I have been working for a company for almost 2 months. The company has a 6 month probation period. Unfortunatly I ran into some legal trouble and will need 10 days off of work. I really don't want to lose my job. How should I approach my options with HR? Is there a way I can acquire information without sabotaging my employment?

  • I'd gather some documents that explicitly say "Chelsea needs 10 days off starting from $date" and show them to HR when you go and discuss it with them. Showing up with no documents from a 3rd party will make it look like you're possibly giving an excuse, not a reason.
    – hd.
    May 19 '15 at 14:42
  • @DavidK depending on the nature of the need for time off (is it for a conviction or trial that could jeopardize employment) could make it not a duplicate. In its current form I would agree that it is a duplicate. May 19 '15 at 15:19
  • is this to serve a sentence? If so can you possibly negotiate to serve the 10 days on weekends or during your normal off days? May 19 '15 at 17:13

The first step is to look at any information on leave your company provides. You may simply be able to book vacation days, even at a new (ish) job or during a probation period.

If your legal troubles have come with legal counsel, it's also worth asking them for advice on how to frame the situation to your employers if you do have to disclose the reason behind requesting leave.

I would advise a two-pronged approached -- discretion (do not disclose more than you have to) and honesty (do not come up with a lie -- if you're caught, you've probably given them grounds to fire you that they may not have had before).

If the worst comes to the worst and you wind up being let go or not retained after your probation period, you may still find someone in the company willing to act as a reference if you handle the situation professionally.

  • 1
    Also, I do not know how usual is that in other jurisdictions, but in mine a minor conviction like 10 days, if you show that you are working (and so, serving the term in standard conditions is risking your job -which goes against a probable rehabilitation-), usually there are alternatives (like serving the term only in weekends, communitary service, etc.). Anyway, asking for legal counsel should be the first thing to do.
    – SJuan76
    May 19 '15 at 15:40

I ran into some legal trouble and will need 10 days off of work. I really don't want to lose my job. How should I approach my options with HR?

Talk with HR.

Start with saying something like "I know it's early in my tenure here, but I've run into some personal issues and I need to take 10 days off to deal with them."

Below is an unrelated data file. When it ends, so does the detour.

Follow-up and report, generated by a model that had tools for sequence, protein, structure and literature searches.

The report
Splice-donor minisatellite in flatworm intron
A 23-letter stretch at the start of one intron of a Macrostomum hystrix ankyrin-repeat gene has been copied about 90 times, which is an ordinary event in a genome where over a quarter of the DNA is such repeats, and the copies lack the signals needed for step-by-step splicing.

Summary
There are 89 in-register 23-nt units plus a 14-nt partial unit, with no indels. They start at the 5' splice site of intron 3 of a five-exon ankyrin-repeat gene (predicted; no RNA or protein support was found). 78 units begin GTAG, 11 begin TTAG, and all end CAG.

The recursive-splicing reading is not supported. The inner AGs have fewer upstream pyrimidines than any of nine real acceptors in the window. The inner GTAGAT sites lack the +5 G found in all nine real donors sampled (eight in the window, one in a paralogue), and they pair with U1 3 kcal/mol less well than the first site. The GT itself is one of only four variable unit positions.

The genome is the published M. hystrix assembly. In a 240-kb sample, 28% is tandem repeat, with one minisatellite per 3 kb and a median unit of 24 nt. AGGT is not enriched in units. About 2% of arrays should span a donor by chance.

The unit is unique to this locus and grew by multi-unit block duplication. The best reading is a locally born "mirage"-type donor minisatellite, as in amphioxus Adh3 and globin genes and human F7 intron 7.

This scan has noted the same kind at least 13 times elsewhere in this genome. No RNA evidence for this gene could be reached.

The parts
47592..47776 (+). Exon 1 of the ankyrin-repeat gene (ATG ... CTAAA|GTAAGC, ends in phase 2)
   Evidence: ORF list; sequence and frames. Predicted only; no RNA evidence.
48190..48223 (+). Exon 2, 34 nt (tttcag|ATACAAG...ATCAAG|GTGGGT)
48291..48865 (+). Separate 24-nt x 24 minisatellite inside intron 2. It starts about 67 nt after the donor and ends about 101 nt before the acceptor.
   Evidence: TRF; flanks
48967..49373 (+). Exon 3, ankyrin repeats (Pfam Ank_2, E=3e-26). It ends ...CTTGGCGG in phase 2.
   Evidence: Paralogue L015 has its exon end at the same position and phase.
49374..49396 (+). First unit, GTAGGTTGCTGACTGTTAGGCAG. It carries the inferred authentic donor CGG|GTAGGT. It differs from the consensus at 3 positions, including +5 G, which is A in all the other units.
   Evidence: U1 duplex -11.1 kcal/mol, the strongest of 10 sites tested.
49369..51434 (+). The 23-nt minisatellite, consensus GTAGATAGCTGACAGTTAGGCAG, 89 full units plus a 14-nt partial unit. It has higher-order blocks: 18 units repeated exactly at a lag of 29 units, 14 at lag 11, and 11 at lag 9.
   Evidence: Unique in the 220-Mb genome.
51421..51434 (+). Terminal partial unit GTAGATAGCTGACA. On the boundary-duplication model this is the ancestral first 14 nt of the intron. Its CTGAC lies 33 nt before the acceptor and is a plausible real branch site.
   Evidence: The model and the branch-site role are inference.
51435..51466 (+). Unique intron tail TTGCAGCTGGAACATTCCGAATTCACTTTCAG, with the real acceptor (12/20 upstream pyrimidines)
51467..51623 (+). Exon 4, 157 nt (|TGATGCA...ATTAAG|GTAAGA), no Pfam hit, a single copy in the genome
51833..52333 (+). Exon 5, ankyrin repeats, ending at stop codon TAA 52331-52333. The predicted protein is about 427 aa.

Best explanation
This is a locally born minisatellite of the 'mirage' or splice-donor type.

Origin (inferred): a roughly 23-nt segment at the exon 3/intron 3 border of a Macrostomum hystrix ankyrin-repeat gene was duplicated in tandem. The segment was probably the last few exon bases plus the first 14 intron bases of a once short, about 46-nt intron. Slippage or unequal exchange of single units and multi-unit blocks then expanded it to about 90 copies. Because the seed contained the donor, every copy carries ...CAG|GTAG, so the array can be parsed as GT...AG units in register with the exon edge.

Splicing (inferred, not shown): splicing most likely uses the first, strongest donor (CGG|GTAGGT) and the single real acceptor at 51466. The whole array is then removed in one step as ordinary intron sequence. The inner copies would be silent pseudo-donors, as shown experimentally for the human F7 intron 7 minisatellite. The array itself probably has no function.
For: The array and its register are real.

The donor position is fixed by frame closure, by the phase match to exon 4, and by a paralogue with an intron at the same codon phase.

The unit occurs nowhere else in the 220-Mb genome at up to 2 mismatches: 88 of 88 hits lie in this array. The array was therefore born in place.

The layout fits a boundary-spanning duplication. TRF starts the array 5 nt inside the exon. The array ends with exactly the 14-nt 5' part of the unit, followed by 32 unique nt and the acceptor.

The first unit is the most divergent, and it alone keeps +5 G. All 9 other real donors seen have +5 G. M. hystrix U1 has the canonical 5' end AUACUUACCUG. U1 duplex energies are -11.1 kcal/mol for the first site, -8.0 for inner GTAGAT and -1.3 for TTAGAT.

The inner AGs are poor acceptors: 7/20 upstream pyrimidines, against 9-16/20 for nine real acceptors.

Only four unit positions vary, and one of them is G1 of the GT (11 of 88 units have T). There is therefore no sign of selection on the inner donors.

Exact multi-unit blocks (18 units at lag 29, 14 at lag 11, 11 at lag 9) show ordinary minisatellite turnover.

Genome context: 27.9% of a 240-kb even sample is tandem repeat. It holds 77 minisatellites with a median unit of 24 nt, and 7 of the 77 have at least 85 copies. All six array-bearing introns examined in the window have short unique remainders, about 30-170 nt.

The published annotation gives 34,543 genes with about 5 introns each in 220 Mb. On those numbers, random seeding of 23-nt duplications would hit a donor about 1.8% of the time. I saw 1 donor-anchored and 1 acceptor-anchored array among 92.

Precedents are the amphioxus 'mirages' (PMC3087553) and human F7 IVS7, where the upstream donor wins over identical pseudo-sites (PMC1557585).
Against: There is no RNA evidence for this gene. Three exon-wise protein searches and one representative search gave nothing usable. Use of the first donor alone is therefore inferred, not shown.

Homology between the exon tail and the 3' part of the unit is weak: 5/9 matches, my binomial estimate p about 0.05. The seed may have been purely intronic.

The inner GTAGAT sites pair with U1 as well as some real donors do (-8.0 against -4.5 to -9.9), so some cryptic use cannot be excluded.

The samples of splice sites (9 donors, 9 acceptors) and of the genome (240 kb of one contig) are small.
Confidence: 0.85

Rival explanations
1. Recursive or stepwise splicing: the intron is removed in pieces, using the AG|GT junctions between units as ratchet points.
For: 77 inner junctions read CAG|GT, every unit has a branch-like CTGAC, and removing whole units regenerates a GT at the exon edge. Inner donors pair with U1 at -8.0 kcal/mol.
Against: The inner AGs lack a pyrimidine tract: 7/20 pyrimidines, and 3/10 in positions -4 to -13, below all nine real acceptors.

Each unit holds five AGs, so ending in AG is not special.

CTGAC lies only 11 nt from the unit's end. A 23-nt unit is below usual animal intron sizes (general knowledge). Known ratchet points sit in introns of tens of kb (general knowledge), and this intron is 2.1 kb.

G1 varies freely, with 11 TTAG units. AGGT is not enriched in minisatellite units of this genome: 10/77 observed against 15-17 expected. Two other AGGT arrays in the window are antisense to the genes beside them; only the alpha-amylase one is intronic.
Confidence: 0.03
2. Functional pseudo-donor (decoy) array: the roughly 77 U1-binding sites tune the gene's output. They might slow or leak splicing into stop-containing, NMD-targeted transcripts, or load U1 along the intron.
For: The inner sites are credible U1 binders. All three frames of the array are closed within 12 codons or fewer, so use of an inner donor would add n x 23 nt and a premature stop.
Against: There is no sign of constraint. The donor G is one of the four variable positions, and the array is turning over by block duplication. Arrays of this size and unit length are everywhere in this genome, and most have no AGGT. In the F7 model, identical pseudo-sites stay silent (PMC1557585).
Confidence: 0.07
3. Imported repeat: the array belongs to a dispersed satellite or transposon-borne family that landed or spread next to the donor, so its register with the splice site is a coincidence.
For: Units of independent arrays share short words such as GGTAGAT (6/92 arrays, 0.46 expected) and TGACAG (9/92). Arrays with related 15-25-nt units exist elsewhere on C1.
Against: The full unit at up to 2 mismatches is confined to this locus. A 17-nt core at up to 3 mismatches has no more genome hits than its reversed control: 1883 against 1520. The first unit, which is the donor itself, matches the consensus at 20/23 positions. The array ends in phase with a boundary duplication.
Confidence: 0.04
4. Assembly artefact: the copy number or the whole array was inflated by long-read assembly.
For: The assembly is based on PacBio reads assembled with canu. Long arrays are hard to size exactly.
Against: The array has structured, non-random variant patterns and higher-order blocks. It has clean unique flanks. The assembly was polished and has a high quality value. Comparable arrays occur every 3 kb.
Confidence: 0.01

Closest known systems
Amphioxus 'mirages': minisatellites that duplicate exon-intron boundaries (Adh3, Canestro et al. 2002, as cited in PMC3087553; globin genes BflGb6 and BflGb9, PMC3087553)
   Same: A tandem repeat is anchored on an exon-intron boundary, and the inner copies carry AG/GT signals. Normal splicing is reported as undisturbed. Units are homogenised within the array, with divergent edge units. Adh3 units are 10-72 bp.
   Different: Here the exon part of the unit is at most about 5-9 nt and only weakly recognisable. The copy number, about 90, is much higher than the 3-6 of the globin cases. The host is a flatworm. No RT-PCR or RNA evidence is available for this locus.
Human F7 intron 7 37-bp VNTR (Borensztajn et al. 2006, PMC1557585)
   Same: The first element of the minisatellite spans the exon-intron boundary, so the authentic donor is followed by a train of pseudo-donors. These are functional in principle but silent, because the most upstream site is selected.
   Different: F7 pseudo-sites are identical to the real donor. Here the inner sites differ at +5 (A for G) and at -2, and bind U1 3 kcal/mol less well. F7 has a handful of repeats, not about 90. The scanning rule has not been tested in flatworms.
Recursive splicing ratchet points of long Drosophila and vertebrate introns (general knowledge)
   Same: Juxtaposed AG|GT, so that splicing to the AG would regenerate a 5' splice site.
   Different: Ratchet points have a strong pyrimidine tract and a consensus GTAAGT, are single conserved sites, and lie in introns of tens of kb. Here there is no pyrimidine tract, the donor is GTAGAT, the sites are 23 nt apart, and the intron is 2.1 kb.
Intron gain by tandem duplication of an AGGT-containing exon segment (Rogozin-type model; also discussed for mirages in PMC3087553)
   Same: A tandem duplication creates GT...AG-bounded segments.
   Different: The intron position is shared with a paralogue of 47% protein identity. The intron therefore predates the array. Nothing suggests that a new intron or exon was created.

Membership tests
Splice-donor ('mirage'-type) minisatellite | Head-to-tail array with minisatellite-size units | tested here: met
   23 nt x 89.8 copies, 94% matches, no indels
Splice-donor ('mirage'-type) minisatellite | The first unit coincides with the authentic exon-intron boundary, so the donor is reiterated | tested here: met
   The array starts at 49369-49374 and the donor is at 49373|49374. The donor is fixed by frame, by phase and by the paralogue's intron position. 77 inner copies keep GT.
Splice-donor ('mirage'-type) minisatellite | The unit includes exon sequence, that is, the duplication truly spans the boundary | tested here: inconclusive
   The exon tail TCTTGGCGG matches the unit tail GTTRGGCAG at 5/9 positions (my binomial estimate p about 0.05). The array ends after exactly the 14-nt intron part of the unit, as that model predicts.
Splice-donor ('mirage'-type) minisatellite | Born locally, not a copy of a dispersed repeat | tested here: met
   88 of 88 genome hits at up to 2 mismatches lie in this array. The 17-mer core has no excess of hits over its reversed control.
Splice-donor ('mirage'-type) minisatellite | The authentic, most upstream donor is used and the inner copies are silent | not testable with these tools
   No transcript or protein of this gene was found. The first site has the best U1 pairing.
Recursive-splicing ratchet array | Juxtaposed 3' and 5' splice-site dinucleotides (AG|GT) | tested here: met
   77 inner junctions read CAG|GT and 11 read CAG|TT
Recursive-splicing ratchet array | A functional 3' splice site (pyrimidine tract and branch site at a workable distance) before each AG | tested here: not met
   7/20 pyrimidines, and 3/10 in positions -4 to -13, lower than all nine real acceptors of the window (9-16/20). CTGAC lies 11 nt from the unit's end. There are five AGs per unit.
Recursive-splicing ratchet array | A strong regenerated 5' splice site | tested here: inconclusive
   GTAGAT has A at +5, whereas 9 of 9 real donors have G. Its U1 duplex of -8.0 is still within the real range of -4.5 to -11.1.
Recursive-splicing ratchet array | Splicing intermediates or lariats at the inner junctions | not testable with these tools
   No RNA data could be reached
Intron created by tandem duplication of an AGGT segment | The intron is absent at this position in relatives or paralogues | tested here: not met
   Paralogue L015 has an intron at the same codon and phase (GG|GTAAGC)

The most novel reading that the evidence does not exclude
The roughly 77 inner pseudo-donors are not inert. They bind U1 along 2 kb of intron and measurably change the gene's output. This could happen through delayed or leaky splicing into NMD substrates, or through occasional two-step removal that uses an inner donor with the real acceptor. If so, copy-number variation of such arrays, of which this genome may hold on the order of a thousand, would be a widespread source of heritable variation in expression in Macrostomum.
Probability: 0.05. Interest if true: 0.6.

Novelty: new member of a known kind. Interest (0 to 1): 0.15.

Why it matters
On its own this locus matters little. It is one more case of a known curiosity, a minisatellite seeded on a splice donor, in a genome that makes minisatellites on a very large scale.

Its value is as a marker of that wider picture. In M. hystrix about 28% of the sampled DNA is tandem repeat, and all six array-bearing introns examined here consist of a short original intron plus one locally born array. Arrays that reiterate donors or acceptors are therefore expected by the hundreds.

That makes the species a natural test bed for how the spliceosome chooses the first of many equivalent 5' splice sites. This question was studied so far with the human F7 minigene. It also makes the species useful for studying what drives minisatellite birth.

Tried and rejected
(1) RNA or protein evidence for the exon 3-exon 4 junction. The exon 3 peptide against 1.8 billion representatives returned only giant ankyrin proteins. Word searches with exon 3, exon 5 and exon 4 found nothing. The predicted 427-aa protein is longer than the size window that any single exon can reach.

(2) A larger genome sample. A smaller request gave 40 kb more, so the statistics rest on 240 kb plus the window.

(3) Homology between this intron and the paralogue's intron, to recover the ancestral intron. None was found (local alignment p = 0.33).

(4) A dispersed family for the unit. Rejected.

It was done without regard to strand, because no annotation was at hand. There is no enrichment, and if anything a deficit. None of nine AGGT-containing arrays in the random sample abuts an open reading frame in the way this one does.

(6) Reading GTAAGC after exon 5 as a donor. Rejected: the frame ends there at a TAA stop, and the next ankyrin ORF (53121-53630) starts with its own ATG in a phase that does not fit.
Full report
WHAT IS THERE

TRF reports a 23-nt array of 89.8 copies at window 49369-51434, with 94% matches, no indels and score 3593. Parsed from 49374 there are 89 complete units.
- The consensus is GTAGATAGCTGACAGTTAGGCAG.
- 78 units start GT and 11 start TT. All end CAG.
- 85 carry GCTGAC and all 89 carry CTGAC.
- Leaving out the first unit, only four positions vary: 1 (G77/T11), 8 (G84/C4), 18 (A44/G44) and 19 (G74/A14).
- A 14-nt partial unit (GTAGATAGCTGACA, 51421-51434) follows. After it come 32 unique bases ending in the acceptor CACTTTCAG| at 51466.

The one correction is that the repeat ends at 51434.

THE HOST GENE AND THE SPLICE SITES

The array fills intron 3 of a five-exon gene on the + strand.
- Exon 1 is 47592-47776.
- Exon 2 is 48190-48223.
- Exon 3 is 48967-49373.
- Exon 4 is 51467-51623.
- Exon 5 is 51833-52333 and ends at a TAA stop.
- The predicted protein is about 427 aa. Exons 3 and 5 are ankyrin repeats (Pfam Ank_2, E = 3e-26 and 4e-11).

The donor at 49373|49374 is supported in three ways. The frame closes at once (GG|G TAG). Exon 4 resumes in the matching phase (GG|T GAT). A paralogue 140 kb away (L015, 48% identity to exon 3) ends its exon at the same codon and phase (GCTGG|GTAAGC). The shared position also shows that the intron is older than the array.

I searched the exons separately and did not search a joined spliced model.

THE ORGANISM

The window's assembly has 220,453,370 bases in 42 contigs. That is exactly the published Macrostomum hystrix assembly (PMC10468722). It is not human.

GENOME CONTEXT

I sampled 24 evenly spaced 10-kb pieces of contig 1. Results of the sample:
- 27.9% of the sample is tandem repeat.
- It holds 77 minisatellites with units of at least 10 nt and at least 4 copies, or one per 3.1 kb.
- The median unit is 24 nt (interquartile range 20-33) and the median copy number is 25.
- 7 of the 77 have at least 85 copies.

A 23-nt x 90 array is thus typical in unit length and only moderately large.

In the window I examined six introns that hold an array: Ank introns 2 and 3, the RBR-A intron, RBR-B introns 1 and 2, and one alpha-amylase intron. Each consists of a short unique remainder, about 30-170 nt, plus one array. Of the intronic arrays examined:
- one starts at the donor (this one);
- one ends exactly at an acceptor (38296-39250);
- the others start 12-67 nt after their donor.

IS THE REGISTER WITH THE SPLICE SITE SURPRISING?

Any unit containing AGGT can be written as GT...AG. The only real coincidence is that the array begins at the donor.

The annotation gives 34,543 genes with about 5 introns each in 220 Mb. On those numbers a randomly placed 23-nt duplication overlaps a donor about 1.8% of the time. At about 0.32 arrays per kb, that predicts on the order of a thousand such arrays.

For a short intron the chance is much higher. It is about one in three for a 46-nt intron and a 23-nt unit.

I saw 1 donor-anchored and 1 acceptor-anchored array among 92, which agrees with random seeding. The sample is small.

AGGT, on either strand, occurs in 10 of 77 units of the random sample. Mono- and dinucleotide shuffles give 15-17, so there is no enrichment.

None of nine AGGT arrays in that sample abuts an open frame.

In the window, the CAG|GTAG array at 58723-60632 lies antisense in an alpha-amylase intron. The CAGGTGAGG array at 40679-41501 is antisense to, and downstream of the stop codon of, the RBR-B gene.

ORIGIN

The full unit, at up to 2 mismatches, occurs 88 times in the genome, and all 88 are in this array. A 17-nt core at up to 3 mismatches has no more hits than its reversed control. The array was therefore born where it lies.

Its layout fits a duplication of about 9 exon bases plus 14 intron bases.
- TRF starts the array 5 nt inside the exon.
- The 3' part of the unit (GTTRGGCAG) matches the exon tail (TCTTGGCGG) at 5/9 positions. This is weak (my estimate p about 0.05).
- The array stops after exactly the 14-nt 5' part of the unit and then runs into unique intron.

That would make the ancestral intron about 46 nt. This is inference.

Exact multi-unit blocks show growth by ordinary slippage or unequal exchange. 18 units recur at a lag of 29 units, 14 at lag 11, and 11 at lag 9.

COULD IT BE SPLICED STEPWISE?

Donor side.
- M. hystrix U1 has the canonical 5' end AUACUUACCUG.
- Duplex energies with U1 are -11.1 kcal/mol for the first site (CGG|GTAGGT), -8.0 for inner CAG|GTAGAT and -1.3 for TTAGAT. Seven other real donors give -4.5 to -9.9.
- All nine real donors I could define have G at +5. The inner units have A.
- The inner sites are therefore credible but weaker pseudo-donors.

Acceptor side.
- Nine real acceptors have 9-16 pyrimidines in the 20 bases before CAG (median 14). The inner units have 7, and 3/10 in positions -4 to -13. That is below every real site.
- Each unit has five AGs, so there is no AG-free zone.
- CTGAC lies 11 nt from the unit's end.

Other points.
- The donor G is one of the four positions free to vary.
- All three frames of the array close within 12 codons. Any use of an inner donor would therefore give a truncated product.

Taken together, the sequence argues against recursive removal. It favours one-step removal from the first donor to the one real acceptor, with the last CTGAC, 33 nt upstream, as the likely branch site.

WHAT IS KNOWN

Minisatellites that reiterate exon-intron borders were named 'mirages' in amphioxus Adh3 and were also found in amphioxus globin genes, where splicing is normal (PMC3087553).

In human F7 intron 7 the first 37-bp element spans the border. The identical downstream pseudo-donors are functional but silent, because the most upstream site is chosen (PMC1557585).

Then listen.

If pressed for more of a reason, only then follow up with "I'm in a bit of legal trouble." and explain however much is necessary.

As is often the case, the way to a solution here is talking.


Your best bet is to contact the HR department, explain that you need 10 days off work for urgent personal reasons and can't postpone it/can't postpone it too much (whichever applies to the situation). Assure you have some documentation to back up your claim so you can show it to them in case they require more information, but this would normally be none of their business: if an employee claims urgency, it is not for them to judge whether or not it is true.

  • Note that if you're asking for unpaid time off, the question of whether you've accrued enough vacation doesn't arise.
    – keshlam
    Aug 27 '15 at 4:52

The issue of needing 10 days off because of a legal issue may require you to tell your company.

  • If it due to jury duty or you are a witness some companies will give you the time off, they will even pay you and not charge your leave.
  • If it due to the fact that you are being sued, you may also have to tell them because a financial issue may have been a part of the background check. You may have to tell them even before the trial.
  • If you are being charged with a criminal offense, the company may also require you to tell them. Your conviction may change your situation, they will want to know in advance.

You will have to look at the documents you signed during the pre-employment phase, or as a part of your initial training. Some companies include this in the annual training.

  • Point #1 varies from state to state, and you should check your local laws to know exactly what your protections & responsibilities are.
    – alroc
    May 19 '15 at 15:58
  • Point 1 also varies significantly country to country.... In the UK, for example, employers are obliged to give you time off for jury duty
    – Jon Story
    Aug 28 '15 at 1:56

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